Chatterbooks Reading Groups – children widen their reading horizons and build literacy skills by being inspired to talk about books.
Reading Activists help 11 to 19-year-olds build their skills and enthusiasm for reading through new forms of engagement and community volunteering.
The Six Book Challenge helps less confident readers develop a new reading habit while improving their confidence, literacy skills, employability and quality of life.
Reading Groups for Everyone encourages and inspires people to talk about books and set up their own reading groups.
Reading Well promotes health and well-being through the national English Books on Prescriptions scheme of quality-assured self-help books and peer-recommended Mood-Boosting Books.

National Literacy Agency

The National Literacy Trust is a charity dedicated to raising literacy levels in the UK, and work to improve reading, writing, speaking and listening skills in the UK’s most deprived communities. They campaign to make literacy a priority for politicians and families, young people and children.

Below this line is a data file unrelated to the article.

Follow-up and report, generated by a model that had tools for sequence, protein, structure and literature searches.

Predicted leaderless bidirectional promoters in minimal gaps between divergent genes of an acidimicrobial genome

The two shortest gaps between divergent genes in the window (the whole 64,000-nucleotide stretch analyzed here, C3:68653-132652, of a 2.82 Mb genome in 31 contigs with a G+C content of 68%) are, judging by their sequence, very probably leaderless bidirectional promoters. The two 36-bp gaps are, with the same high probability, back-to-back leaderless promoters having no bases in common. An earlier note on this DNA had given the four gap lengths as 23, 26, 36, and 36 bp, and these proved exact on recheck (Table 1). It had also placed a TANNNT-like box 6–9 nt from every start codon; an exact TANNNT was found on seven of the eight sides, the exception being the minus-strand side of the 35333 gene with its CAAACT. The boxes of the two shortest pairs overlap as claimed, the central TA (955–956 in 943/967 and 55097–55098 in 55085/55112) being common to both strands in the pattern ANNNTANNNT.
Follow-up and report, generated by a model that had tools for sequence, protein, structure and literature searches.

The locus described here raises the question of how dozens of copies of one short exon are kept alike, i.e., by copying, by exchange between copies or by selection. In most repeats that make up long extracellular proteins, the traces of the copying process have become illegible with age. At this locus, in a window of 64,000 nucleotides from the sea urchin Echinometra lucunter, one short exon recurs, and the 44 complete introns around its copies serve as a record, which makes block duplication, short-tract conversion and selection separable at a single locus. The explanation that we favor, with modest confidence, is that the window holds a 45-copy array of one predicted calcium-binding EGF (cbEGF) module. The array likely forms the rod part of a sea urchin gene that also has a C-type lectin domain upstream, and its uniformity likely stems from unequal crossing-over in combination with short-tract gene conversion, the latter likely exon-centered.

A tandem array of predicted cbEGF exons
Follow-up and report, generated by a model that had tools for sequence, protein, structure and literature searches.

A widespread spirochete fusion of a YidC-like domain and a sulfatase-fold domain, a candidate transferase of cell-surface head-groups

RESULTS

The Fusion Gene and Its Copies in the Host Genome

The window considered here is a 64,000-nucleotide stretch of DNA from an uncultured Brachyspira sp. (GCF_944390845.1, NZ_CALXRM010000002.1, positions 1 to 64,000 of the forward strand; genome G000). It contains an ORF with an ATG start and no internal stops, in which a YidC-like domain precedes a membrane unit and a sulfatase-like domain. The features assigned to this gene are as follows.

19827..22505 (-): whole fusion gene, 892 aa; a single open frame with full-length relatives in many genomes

They support schools and provide innovative teaching conferences and resources and work with local authorities to build literacy hubs in the poorest communities that join up local businesses, voluntary organisations, schools and the media to raise literacy levels.

RNIB Bookshare UK

RNIB Bookshare UK  opens the world of reading for learners with print disabilities. With more than 600,000 accessible books from around 900 publishers and imprints, the online service enables learners who cannot access standard print, including those with dyslexia and who are blind or partially sighted, to read the same books as their peers, giving them the same educational opportunities.

Signing up for membership to RNIB Bookshare is free for educational organisations supporting learners with a print disability in the UK.
Learners can then be added to organisational memberships.

More information is available here: